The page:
A fundamental challenge to addressing this question is the complexity of the circadian neuronal networks. The paired mammalian SCN consists of tens of thousands of neurons with diverse neurochemical outputs that form a complex network (reviewed by Hastings et al., 2019). The clock neuron network of Drosophila melanogaster offers a powerful model to understand the network properties of neural circadian timekeeping. The molecular clocks of insects and mammals are highly conserved and their neuronal networks appear to share common motifs (Nitabach and Taghert, 2008). The fly’s clock neuron network consists of relatively few neurons that can be organized in a small number of discrete anatomical classes (Shafer et al., 2006; Figure 1A). Furthermore, genetic tools to specifically manipulate subclasses of the fly circadian network have made it possible to understand the functional roles of these subclasses in the production of endogenous circadian rhythms in sleep and activity (Ahmad et al., 2021; Shafer and Keene, 2021). Though transgenic markers of synaptic connectivity and live-imaging-based assessments of functional connectivity have been used to address neural connectivity within the clock neuron network (e.g. Reinhard et al., 2022a; Yao et al., 2012), a systematic assessment of synaptic connectivity within this network is lacking.

The circadian clock neuron network and identified clock neurons in the hemibrain.

(A) The circadian clock network is shown in both hemispheres. Currently identified cells are shown in color (s-LNvs red, l-LNvs light red, LNds in orange, DN1a in purple, a subset of DN1p in blue) and known clock cells not yet identified within the hemibrain connectome data are shown in gray (DN2, DN3, and a subset of DN1p). The pars intercerebralis (PI) and optic lobe (OL) are indicated in gray. (B) Identified clock neurons in the hemibrain. Neuropils are shown in gray. Color codes as indicated in (A). (C) Heatmap indicates synaptic connections strength among all identified circadian clock neurons, including weak (weight <3) connections. (D) The timekeeping lateral neurons that compose the morning (M) and evening (E) Oscillators: s-LNvs (M cells), and 5th LNv and LNds (E cells).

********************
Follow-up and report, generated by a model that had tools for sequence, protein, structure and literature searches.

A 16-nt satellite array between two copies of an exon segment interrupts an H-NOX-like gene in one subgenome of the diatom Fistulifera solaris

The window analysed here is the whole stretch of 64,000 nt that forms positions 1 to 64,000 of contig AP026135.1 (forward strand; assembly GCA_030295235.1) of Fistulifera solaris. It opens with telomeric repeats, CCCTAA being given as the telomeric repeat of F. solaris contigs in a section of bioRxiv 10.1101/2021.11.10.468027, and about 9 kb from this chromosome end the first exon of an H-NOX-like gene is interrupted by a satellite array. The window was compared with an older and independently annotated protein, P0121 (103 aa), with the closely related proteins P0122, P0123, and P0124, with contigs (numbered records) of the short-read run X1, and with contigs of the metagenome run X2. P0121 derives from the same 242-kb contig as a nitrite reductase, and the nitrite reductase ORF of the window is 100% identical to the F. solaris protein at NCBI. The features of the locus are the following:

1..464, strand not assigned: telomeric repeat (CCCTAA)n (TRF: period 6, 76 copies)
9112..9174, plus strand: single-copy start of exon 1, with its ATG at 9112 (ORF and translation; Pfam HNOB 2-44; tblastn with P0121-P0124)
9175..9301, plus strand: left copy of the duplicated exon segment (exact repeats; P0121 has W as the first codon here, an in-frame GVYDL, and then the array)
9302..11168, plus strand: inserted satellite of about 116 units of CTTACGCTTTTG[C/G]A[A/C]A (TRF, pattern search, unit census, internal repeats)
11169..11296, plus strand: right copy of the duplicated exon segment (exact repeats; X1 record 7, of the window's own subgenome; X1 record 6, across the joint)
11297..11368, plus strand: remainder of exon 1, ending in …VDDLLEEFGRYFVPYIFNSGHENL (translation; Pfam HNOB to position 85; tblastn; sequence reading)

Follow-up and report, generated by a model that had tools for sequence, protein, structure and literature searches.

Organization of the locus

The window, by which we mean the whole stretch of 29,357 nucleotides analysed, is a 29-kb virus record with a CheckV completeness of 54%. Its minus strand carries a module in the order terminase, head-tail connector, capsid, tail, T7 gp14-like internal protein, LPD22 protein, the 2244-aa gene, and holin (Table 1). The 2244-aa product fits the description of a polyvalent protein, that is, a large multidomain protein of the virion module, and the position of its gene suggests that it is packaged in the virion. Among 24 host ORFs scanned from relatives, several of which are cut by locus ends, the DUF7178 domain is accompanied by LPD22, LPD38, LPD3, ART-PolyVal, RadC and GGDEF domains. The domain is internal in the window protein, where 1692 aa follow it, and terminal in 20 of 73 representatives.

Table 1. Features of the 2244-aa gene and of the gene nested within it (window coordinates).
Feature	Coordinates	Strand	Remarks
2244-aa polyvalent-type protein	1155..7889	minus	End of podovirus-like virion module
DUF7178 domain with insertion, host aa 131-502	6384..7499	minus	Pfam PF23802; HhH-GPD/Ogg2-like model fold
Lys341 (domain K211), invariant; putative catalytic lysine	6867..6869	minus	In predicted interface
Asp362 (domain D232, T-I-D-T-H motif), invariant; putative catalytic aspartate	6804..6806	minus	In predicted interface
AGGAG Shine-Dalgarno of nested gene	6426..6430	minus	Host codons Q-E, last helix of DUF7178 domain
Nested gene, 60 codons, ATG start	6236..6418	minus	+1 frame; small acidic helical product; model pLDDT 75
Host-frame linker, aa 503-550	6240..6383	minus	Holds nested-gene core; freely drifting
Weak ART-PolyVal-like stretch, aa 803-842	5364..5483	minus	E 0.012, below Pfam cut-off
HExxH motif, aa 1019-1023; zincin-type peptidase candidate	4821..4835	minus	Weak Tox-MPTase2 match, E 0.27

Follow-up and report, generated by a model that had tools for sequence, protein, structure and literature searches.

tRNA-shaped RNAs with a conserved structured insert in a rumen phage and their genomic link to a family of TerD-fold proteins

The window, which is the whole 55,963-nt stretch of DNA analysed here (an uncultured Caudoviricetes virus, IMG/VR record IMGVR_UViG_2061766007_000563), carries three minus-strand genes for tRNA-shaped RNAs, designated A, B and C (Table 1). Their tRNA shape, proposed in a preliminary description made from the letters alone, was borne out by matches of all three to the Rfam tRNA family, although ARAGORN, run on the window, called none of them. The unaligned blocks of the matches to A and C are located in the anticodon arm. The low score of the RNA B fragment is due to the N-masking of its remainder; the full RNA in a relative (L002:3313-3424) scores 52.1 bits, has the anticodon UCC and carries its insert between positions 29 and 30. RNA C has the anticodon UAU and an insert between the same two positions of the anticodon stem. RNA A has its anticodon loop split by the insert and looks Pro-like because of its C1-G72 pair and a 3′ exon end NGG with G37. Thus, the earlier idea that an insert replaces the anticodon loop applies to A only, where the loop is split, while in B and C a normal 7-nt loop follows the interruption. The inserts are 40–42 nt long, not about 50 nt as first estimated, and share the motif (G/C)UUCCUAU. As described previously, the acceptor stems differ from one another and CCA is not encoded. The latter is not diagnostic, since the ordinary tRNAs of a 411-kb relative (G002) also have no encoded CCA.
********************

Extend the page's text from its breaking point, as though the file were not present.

The comprehensive mapping of synaptic connectivity using serial electron microscopy and reconstruction of neuronal volumes allows us to assess the network structures of brain circuits (Kasthuri et al., 2015). Scheffer et al., 2020 provided a dense reconstruction of chemical synapses within a large portion of the fly’s central brain, called the hemibrain. Annotation of the Janelia hemibrain connectome contains most of the key anatomical subsets of the fly’s clock neuron network and powerful computational tools are available to navigate this connectome (Lazar et al., 2021; Scheffer et al., 2020) making it possible to analyze the structure of the fly’s brain clock network.

The Drosophila Circadian Neuron Network is a group of ~150 neurons that display synchronous oscillation in PER and TIM abundance and can be subdivided based on gene expression, anatomy, and location in the brain (Helfrich-Förster, 2005). These are (i) the lateral neurons (LNs), which can be subdivided into ventral lateral (LNv) and dorsal lateral (LNd) neurons, (ii) the lateral posterior neurons (LPNs), and (iii) the dorsal neurons (DNs), which can be subdivided into dorsal neurons 1, 2, and 3 (DN1, DN2, and DN3) and further subdivided into anterior (DN1a) and posterior (DN1p) DN1s (Helfrich-Förster et al., 2007b; Helfrich-Forster, Yoshii, Helfrich-Förster et al., 2007a; Shafer et al., 2006).

The LNvs release the key circadian neuropeptide Pigment Dispersing Factor (PDF) and can be further subdivided into small and large LNvs (s-LNvs and l-LNvs). Release of PDF from the s-LNvs, which takes place in the dorsal protocerebrum where the LNds and DNs reside, is required for endogenous circadian timekeeping (Park et al., 2000; Renn et al., 1999). The current annotation of the hemibrain dataset identifies all the expected lateral neuron classes: four l-LNvs, four s-LNvs, the 5th-s-LNv, and six LNds (Scheffer et al., 2020; Figure 1B and C). However, some clock neurons have not yet been unequivocally identified within the hemibrain dataset: approximately half of the DN1ps (Reinhard et al., 2022a; Scheffer et al., 2020) and the DN2s and DN3s. The LN classes of clock neurons represent the minimum sub-network required to produce endogenous bimodal rhythm of sleep and activity. A functional molecular clock only in the s-LNvs, 5th s-LNv, and LNds is sufficient to produce such rhythms (Grima et al., 2004; Rieger et al., 2006).